Ten Muslim students from the University of California were found guilty of misdemeanor charges Friday after a 2010 incident in which they disrupted and delayed a speech by the Israeli ambassador to the United States on the UC Irvine campus. The students, who could have faced jail time, were sentenced to probation and community service.

The university had previously suspended the Irvine Muslim Student Union in connection with the incident, and many observers — including Erwin Chemerinsky, the dean of the UC Irvine law school — criticized the decision to bring criminal charges.

I agree with those who are dismayed by the verdict. The interruptions of Ambassador Oren were brief and non-violent, the students didn’t resist ejection, and the ambassador was eventually able to give his speech in full. Clearly the students were disruptive, but they did not have the intent nor the effect of preventing Oren from speaking.

As a person who speaks on campuses with some regularity, I’d certainly be appalled if such an incident ever led to criminal charges against someone who was critical of anything I had to say — the idea that the disruption of a campus speaker would leave a student with a criminal record, and relying on the forbearance of a judge to avoid jail time, is astonishing.

But as I told the Chronicle of Higher Education yesterday, the most important thing to underscore here is that this prosecution stands as part of a larger recent pattern of criminalization of non-violent student protest throughout California, and in the UC system in particular.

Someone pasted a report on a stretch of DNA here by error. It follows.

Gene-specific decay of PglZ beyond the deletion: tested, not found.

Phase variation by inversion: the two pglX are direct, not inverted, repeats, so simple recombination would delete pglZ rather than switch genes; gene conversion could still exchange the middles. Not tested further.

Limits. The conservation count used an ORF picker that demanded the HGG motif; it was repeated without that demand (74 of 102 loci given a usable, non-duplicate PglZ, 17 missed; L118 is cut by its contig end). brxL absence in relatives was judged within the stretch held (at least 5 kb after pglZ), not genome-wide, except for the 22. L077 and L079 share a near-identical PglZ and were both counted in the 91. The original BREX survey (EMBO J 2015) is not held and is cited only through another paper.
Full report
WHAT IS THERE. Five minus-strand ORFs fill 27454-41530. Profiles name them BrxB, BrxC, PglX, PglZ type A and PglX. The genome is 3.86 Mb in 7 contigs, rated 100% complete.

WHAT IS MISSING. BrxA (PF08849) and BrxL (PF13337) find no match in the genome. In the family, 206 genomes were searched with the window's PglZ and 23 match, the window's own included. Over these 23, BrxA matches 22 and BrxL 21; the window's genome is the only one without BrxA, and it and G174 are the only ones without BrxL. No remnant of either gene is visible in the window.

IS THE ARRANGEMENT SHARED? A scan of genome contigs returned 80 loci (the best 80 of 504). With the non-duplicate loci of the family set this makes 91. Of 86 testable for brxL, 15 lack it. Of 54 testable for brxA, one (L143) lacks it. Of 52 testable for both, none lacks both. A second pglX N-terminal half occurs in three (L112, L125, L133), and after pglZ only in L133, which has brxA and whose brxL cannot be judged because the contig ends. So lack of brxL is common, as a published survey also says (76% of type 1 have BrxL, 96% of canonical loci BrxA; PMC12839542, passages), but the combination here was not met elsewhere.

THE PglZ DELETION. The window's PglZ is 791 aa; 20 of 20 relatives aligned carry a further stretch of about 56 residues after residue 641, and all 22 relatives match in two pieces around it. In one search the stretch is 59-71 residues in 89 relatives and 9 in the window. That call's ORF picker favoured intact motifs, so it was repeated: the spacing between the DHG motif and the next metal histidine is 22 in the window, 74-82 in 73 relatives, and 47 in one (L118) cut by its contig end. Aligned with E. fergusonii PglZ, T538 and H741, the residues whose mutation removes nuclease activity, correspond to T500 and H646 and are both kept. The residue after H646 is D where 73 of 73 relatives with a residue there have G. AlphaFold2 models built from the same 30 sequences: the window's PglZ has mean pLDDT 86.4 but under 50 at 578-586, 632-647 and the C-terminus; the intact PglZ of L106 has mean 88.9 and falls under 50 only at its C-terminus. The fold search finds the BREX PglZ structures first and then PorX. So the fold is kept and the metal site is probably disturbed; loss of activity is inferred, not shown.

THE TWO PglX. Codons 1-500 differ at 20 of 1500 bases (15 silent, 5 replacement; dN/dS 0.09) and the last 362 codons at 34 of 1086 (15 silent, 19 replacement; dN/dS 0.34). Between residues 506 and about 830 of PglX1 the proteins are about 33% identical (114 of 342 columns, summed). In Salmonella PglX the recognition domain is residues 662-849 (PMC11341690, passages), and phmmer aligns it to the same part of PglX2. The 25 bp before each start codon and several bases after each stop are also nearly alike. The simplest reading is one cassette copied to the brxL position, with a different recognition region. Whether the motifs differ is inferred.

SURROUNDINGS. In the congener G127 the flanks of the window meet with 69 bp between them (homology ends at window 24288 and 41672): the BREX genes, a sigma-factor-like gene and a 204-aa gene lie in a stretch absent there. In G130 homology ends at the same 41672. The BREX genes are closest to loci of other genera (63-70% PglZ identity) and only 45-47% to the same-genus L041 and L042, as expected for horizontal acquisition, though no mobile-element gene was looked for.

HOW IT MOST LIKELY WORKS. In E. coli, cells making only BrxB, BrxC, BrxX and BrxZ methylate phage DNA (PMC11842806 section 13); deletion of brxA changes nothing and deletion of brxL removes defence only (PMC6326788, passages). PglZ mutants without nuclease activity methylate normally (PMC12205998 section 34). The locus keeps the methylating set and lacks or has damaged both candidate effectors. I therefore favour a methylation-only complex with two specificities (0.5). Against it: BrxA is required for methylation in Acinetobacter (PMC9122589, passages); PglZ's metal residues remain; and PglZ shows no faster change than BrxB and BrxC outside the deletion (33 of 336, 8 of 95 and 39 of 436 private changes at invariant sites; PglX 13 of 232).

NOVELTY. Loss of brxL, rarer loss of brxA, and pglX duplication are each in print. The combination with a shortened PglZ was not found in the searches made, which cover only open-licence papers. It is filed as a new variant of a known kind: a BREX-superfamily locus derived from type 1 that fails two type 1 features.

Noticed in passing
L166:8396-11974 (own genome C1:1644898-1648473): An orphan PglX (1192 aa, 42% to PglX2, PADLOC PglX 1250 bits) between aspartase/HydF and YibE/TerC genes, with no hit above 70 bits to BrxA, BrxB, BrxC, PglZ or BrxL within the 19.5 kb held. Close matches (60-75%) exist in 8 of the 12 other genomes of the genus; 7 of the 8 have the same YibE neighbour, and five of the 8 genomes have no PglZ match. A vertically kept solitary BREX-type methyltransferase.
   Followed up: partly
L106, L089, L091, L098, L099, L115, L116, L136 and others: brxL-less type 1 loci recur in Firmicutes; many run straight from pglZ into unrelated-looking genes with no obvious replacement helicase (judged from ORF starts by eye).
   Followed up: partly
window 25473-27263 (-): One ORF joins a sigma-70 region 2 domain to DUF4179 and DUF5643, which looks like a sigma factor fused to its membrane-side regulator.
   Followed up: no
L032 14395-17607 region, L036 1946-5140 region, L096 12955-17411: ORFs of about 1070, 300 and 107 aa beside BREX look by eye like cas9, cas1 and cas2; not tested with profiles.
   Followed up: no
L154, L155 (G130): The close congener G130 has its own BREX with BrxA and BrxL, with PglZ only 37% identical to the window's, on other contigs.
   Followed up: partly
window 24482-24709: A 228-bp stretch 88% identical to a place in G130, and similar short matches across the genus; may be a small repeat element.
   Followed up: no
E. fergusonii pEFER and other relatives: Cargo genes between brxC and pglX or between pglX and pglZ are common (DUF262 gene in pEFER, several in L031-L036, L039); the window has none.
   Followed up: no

Again and again over the last few years, university officials in California have directed law enforcement to end protests by arresting students, including in circumstances in which those protests were neither violent nor substantially interfering with the functioning of the university. In many cases those arrests led (as here) to overreaching prosecutions, while in others the arrests themselves had a disruptive effect on legitimate protest.

It’s the university’s prerogative to set limits on student protest (subject to their First Amendment obligations to permit free speech and assembly), but those powers should be used with restraint and discretion. When the university finds itself deploying mass arrests of non-violent student protesters as a matter of course, as the University of California has in the last several years, something is seriously out of whack.

By contributing to the criminalization low-level non-violent protest as they have, UC administrators, police, and prosecutors have cowed some student activists while radicalizing others. They’ve fostered a charged, tense atmosphere in which students have chained themselves together on the high ledge of a Berkeley campus building and in which a UC San Francisco police officer pulled a gun on a group of protesters, all within the last twelve months.

The Irvine 11 were among some 250 California student activists arrested during the course of protests during the 2009-2010 academic year. That’s a mind-boggling number, and evidence that student-administration relations have gone profoundly off the rails.